Utilization and expenditure on long-acting insulin analogs among selected middle-income countries with high patient co-payment levels: Findings and implications for the future

Mainul Haque, Salequl Islam, Abdullahi Rabiu Abubakar, Ibrahim Haruna Sani, Sylvia Opanga, Zubair Mahmood Kamal, Farhana Akter, Brian Godman*

*Corresponding author for this work

Research output: Contribution to journalArticlepeer-review

Abstract

The number of patients with diabetes and associated complications is rising across countries including patients requiring insulin to control their diabetes. Hypoglycemia combined generally with poor control adds to the burden of diabetes. Long-acting insulin analogs were developed to reduce hypoglycemia, including nocturnal hypoglycemia, and enhance adherence, which can be a problem. These benefits have resulted in their increased use among high and high-middle income countries, which is continuing. However, concerns in middle and lower-income countries as insulin analogs are considerably more expensive than standard insulins. Biosimilars can reduce their costs. Consequently, it is important to ascertain current usage and prices of analogs across middle-income countries with high patient co-payment levels to provide future direction. Overall, limited use of insulin glargine in Kenya, up to 3.6% of total insulins in one leading hospital with prices up to 3.4 fold higher than standard insulins. Overall, limited use of insulin glargine among hospitals in Northern Nigeria and in pharmacies again due to high prices. Appreciably higher use of long-acting insulin analogs in Bangladesh enhanced by low cost biosimilars with increasing competition. Increased competition enhanced by local production can lower biosimilar costs enhancing future use of insulin glargine to the benefit of all diabetes patients requiring insulin.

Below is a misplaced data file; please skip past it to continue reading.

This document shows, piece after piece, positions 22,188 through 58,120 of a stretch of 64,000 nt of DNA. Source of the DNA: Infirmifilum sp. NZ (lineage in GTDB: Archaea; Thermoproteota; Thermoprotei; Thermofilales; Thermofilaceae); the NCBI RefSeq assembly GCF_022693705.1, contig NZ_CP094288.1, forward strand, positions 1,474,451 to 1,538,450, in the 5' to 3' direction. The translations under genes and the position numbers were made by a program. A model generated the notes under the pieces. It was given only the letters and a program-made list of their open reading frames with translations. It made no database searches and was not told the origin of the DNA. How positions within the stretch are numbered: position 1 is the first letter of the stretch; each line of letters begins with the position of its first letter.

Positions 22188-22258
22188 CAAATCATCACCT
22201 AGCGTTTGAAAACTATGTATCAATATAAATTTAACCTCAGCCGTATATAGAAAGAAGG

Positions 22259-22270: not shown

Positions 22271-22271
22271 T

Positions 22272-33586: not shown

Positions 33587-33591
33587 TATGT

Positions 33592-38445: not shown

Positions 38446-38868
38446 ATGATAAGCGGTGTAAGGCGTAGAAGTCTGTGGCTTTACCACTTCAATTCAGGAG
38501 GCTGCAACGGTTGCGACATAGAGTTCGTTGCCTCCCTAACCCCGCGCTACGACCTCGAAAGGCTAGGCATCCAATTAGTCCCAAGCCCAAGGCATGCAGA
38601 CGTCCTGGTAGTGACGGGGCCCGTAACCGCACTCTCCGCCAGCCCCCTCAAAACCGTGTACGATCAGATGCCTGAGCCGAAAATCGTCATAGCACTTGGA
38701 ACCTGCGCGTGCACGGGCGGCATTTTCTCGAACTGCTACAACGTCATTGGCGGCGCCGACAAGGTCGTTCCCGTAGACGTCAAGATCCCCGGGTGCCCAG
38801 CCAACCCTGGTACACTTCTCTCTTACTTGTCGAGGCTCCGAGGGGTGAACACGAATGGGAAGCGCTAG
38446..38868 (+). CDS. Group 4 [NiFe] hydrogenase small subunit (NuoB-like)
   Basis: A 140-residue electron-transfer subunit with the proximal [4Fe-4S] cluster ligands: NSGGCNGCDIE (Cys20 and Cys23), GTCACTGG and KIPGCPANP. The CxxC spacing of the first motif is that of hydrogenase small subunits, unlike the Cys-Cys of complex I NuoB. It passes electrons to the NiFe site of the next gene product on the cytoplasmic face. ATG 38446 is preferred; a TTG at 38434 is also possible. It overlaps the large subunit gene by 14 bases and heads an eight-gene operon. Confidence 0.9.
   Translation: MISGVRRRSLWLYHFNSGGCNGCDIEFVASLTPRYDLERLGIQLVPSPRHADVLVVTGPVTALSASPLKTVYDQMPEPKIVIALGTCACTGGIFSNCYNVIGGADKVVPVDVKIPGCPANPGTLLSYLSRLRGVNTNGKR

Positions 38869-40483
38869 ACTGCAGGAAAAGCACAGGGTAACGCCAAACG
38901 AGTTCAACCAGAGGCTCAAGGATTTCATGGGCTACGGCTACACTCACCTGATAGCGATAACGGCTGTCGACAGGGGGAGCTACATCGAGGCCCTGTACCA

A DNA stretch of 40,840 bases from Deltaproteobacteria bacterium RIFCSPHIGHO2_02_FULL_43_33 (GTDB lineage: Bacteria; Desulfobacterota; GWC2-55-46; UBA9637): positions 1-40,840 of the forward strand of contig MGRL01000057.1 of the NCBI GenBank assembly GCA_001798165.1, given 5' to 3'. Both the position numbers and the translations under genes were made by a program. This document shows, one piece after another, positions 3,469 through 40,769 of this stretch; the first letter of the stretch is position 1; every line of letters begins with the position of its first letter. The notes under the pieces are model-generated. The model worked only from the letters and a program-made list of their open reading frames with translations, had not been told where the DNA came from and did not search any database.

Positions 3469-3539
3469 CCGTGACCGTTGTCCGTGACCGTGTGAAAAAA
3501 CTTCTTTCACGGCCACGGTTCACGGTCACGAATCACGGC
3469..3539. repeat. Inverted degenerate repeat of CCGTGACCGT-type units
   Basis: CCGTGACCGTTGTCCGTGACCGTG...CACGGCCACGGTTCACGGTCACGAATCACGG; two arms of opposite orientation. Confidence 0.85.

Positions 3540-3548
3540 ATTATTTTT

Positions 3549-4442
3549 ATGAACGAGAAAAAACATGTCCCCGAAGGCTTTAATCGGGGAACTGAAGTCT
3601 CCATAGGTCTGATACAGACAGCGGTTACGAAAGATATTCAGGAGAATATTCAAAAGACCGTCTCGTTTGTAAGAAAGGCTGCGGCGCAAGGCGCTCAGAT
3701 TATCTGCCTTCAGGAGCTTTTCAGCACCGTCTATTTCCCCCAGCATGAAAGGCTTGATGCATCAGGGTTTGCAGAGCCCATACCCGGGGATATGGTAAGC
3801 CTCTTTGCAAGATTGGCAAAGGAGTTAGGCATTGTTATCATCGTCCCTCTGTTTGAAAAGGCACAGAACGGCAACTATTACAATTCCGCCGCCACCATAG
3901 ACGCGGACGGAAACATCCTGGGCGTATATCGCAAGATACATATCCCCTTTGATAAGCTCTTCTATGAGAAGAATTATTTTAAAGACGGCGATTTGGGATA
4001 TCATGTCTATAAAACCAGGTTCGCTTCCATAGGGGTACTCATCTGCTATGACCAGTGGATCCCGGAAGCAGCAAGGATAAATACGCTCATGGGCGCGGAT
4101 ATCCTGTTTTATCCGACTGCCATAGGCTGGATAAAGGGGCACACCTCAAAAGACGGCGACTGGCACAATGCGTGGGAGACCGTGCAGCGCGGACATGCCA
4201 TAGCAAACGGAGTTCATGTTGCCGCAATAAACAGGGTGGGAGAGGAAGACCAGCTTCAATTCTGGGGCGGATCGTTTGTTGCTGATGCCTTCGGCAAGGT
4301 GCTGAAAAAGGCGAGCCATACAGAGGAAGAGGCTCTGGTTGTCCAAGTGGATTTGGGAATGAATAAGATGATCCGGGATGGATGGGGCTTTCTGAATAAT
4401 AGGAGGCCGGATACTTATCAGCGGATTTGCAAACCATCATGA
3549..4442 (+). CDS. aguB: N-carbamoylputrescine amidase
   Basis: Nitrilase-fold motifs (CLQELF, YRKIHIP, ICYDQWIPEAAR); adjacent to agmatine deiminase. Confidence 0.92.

Original languageEnglish
Pages (from-to)172-182
Number of pages11
JournalJournal of Applied Pharmaceutical Science
Volume11
Issue number7
DOIs
Publication statusPublished - Jul 2021

Keywords

  • Affordability
  • Bangladesh
  • Kenya
  • Nigeria
  • diabetes
  • long-acting insulin analogs

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